In addition to the aerobic exercise training in the traditional program, patients performed low-intensity upper extremity strength training using handheld dumbbells to perform the following exercises: arm curl, lateral torso bend, lateral arm raise, wrist curl, standing triceps extension, and upright row. One set of 8–15 repetitions was performed for each exercise. The intensity depended on the patient and ranged from 1 to 10 pounds. Intensity was determined by self-reported ratings of perceived breathlessness and exertion.

Strength Training

The TR+ST participants performed the strength-training protocol immediately after their regular TR exercise session (i.e., two times a week) for half of the PR program (eight sessions) and at the beginning of PR for the other half of the program (eight sessions).

Strength training, performed according to the American College of Sports Medicine (1998, 2000) guidelines for older adults, consists of a single set of 12 repetitions of the following five exercises: incline bench press, seated leg press, lateral pulldown, cable triceps pushdown, and cable bicep curl. Intensity of the first two lifts was determined by a one-repetition maximum (1 RM) assessed at baseline. Intensity for the remaining exercises was determined empirically, ensuring that patients reached fatigue or a rating of perceived exertion of 11–13 to avoid excessive strain (American Association of Cardiovascular and Pulmonary Rehabilitation, 1999). During the first week, participants exercised with a load that was 50% of 1 RM for the exercises in which 1 RM was assessed. For the remaining exercises, participants used a low-intensity load to enable proper familiarization with equipment before increasing intensity. Increases in intensity or resistance load were based on the successful completion of more than 12 repetitions for two consecutive training sessions. Loads increased in 3- to 5-pound increments. All strength exercises were performed using Universal Dynamic Variable Resistance (Cedar Rapids, IA) strength-training equipment.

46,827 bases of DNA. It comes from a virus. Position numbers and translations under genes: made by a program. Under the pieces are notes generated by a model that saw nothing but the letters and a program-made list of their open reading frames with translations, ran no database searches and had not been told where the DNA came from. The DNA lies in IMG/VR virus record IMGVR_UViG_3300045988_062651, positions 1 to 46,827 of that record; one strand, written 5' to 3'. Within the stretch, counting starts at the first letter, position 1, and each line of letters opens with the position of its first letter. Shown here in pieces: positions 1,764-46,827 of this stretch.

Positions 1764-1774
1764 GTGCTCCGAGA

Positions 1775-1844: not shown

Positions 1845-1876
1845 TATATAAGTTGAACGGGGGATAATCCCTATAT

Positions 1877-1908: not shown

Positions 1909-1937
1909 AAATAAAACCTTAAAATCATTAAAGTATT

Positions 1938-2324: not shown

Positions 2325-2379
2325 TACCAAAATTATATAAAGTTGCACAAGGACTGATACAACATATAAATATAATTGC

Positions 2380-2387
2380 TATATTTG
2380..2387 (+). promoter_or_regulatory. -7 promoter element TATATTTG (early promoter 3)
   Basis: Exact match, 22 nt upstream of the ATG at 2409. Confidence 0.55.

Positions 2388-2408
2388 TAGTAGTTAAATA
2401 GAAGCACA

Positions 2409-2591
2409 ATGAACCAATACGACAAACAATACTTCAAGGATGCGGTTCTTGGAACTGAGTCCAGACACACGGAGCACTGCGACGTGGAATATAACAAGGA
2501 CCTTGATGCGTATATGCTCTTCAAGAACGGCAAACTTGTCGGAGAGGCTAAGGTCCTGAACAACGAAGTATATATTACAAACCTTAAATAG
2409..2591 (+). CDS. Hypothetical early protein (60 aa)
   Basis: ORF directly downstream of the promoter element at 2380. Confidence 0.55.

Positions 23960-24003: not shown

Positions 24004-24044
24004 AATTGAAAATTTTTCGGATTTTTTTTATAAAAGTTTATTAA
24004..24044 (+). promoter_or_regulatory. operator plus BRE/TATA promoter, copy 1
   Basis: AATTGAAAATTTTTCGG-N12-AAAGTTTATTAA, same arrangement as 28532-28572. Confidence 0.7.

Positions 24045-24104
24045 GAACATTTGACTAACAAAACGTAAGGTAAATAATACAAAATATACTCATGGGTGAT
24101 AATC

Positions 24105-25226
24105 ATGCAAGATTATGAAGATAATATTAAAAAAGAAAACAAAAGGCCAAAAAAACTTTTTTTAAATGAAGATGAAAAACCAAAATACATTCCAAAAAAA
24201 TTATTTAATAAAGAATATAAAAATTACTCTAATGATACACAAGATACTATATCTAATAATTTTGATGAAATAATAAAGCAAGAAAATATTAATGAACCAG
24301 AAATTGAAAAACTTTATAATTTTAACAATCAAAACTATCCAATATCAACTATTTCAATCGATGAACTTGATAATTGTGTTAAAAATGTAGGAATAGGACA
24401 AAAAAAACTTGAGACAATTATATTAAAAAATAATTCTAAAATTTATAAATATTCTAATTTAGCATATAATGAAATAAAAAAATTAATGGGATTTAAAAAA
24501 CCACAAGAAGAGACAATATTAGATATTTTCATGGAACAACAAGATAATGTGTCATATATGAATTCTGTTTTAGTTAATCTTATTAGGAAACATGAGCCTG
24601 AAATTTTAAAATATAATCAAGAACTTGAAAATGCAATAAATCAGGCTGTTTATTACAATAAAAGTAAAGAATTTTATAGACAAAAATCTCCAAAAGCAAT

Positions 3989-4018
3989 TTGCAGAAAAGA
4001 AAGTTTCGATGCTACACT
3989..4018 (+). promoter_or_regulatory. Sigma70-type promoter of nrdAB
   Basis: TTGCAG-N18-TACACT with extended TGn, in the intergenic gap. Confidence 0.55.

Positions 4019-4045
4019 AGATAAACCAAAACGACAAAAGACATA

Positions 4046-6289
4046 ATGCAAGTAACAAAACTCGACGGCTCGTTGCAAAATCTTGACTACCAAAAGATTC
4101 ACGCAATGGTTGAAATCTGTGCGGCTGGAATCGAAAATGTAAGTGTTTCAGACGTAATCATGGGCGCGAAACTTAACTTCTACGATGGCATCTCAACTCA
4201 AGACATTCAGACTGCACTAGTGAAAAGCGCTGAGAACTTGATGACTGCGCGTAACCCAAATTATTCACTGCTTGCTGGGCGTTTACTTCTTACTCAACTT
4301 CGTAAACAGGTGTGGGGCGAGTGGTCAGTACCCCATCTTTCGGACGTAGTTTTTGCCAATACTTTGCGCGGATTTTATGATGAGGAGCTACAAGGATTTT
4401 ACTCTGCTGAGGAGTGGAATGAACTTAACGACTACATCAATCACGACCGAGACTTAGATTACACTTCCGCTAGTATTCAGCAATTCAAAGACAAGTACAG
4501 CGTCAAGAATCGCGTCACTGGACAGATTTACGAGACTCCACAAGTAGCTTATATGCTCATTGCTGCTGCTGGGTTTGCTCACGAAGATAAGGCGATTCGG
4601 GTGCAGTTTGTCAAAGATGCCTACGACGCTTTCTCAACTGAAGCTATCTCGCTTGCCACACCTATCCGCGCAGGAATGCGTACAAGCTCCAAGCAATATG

Before participants were evaluated, their demographic information and medical history, including pulmonary function (e.g., forced expiratory volume at 1 second), were obtained by a registered nurse. Participants were then evaluated during the first and second rehabilitation sessions and on the last session of PR.

Muscular Strength Measurements

Muscular strength was assessed using the 1 RM test to determine upper and lower body strength. The safety of 1 RM testing in patients with COPD has recently been confirmed (Kaelin et al., 1999). Because of logistical and time constraints, 1 RM testing was limited to one upper body (incline bench press) and one lower body (seated leg press) exercise. A brief warmup set was performed before each test to help participants familiarize themselves with the exercise. To assess the reliability of the 1 RM values, two 1 RM tests (separated by at least 48 hours) were conducted at baseline. The higher of the two values was used to represent the participants’ true maximal load lifted.

Functional Fitness Measurements

Senior Fitness Test. The SFT was designed to assess patients’ physiological characteristics associated with the performance of ADLs, including lower body strength (chair stand), upper body strength (arm curl), lower body flexibility (chair sit and reach), upper body flexibility (back scratch), and agility and dynamic balance (8-foot up and go). These test items have been proven valid and reliable; specifically, test–retest reliability and content, criteria, and construct validity have been demonstrated (Rikli & Jones, 1999). Each test represents a specific fitness component (Rikli & Jones).